In botany, pruning induces "rejuvenation" at the pruned nodes. Perhaps neural pruning results in an overall decrease in cortical thickness, which is equivalent to why pruned plants will receive more sunlight, and yet also increases the efficacy of existing circuits, in the same way that pruned plants will yield more flowers and fruit. The metaphor is of course purely anecdotal, but one wonders whether these similarities might be more than mere coincidence.

This study has several broad implications for the field of artificial intelligence in general. First, should we limit the total number of synaptic connections/total amount of synaptic efficacy, to plausibly simulate biological metabolic energy consumption constraints? Second, given that an optimally pruned network is superior to all other networks with an equivalent number of synapses, and given that current computing power can only support some non-infinite number of synapses, should we simulate pruning in order to increase the effectiveness of machine learning?

Finally, is it possible to further increase network efficiency through recursively overgrowing and then pruning synaptic connections? There is some evidence that such recursive processes may occur in humans, as well; Jay Giedd discovered "a second wave" of neural overgrowth during puberty, which is followed by a second pruning process.

Related Posts:
The Structural Signature of Intelligence
Tuned and Pruned: Synaesthesia
Modeling Neurogenesis


The Structural Signature of Intelligence

A fascinating series of articles in today's issue of Nature documents work by NIMH researchers using MRI imaging to track structural changes in cortical thickness. Although one cannot predict IQ in adults or childen on the basis of cortical mass or thickness alone, the developmental trajectory of thickness changes are significantly related to IQ, such that those with the highest IQs (121-145) show an initial reliatively thin cortex, which rapidly thickens, and then thins again by 11 or 12 years of age.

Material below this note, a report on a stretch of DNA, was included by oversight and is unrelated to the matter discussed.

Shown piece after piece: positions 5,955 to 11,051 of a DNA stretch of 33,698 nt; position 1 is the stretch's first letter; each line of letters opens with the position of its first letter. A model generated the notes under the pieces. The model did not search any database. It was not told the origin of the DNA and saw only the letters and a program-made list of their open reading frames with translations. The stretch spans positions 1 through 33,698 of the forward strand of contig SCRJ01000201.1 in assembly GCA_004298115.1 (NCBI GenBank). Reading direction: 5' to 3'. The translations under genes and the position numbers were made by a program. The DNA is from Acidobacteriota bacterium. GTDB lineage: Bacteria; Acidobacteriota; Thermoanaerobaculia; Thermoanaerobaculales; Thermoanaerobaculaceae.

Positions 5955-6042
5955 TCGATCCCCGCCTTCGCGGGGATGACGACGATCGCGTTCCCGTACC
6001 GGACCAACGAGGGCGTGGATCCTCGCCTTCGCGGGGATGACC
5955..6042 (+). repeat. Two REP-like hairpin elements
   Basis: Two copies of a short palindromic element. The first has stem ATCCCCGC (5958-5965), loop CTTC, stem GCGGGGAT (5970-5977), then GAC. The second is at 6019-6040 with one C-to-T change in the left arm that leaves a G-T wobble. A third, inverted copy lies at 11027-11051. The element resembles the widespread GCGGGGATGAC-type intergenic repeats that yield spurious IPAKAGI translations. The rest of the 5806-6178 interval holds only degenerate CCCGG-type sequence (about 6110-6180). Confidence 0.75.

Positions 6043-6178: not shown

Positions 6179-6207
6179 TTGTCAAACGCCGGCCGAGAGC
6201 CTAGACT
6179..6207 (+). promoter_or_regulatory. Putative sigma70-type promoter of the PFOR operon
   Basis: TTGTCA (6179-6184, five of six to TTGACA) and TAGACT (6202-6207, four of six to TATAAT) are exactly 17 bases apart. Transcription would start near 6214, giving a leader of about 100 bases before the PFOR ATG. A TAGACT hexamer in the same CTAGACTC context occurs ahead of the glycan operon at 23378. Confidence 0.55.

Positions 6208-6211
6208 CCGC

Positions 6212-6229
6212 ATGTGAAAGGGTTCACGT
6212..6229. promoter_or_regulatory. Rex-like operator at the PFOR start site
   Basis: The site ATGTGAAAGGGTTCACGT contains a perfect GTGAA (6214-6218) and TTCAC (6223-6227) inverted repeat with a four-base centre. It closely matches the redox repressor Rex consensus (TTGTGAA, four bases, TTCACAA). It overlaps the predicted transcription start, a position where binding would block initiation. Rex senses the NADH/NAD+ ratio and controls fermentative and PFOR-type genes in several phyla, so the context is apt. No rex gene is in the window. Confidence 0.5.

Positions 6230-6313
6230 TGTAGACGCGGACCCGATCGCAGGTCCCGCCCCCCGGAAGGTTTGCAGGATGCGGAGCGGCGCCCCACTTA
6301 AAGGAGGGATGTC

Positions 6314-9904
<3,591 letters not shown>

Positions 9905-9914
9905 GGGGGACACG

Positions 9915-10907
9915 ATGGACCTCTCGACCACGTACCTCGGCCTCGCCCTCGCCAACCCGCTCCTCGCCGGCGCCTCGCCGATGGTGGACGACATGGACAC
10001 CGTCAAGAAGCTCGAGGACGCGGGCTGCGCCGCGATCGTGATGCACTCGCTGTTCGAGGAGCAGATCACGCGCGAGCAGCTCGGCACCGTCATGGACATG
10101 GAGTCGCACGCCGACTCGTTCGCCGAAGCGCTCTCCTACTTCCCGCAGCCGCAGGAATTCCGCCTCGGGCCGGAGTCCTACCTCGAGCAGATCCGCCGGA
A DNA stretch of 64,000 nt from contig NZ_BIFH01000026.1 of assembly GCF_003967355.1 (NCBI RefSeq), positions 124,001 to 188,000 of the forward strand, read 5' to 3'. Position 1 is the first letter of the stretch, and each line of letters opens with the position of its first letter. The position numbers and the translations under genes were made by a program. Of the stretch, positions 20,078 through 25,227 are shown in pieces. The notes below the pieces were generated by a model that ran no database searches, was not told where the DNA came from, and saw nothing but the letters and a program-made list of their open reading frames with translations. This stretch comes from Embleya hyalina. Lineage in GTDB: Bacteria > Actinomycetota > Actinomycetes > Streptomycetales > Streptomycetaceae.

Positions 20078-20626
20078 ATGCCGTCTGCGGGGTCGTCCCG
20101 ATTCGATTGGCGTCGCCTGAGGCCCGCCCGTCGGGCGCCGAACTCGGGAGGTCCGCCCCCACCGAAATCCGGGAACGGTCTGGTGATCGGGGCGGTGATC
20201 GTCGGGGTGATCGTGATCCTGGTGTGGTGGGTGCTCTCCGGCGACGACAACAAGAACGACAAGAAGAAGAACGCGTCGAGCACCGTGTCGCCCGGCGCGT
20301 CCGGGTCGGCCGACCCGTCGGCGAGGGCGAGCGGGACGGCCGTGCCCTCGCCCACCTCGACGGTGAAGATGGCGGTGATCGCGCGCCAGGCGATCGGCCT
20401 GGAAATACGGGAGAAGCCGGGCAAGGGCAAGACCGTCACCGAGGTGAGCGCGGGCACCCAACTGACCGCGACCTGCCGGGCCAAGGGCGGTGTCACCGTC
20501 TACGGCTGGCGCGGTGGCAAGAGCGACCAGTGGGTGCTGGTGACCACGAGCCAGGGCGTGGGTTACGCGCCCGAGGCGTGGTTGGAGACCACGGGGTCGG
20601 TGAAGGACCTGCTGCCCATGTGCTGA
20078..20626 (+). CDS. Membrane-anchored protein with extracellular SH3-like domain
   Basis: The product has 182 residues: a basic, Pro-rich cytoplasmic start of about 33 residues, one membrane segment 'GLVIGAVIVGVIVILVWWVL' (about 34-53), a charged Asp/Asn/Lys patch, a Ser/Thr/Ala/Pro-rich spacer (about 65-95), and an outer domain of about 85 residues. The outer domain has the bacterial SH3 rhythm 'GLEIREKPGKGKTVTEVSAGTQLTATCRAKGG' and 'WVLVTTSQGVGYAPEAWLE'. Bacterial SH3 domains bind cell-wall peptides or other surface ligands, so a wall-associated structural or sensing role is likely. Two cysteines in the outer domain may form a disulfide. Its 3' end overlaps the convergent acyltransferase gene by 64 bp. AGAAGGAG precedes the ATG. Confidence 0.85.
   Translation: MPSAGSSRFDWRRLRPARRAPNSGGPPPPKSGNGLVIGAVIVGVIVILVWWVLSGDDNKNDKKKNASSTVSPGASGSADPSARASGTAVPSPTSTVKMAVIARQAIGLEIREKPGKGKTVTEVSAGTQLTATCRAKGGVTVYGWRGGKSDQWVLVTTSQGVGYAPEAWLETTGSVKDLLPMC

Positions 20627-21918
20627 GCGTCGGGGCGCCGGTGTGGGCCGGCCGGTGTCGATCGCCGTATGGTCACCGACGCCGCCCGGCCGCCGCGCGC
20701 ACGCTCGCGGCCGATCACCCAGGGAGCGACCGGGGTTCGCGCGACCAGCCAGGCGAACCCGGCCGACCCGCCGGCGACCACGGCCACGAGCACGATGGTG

"Brainy children are not cleverer solely by virtue of having more or less gray matter at any one age. Rather, IQ is related to the dynamics of cortex maturation,” said Rappoport, one of the authors on the study. A similar sentiment was expressed by Shaw, the lead author: "The story of intelligence is in the trajectory of brain development.” This relationship was strongest for prefrontal cortex thickness, which is often thought to be the seat of planning, strategizing, and other "executive functions." Although many previous studies attempting to relate IQ to brain structure were cross-sectional, this longitudinal study better controls for individual variation by following the same 307 subjects betweeen the ages of 5 and 19. They estimated IQ with subscales of the WAIS IQ test.

As Steven Rose points out (whose recent book was quite good), the IQ approach taken by these authors does not allow for direct causal ties between specific cognitive abilities and neural structure. Everything from emotional skills to recall ability may have some role in these net measures of IQ used here, and therefore it's difficult to tie this structural data to a cognitive level. More specific cognitive measures would have been helpful for interpreting the results of a a study this size.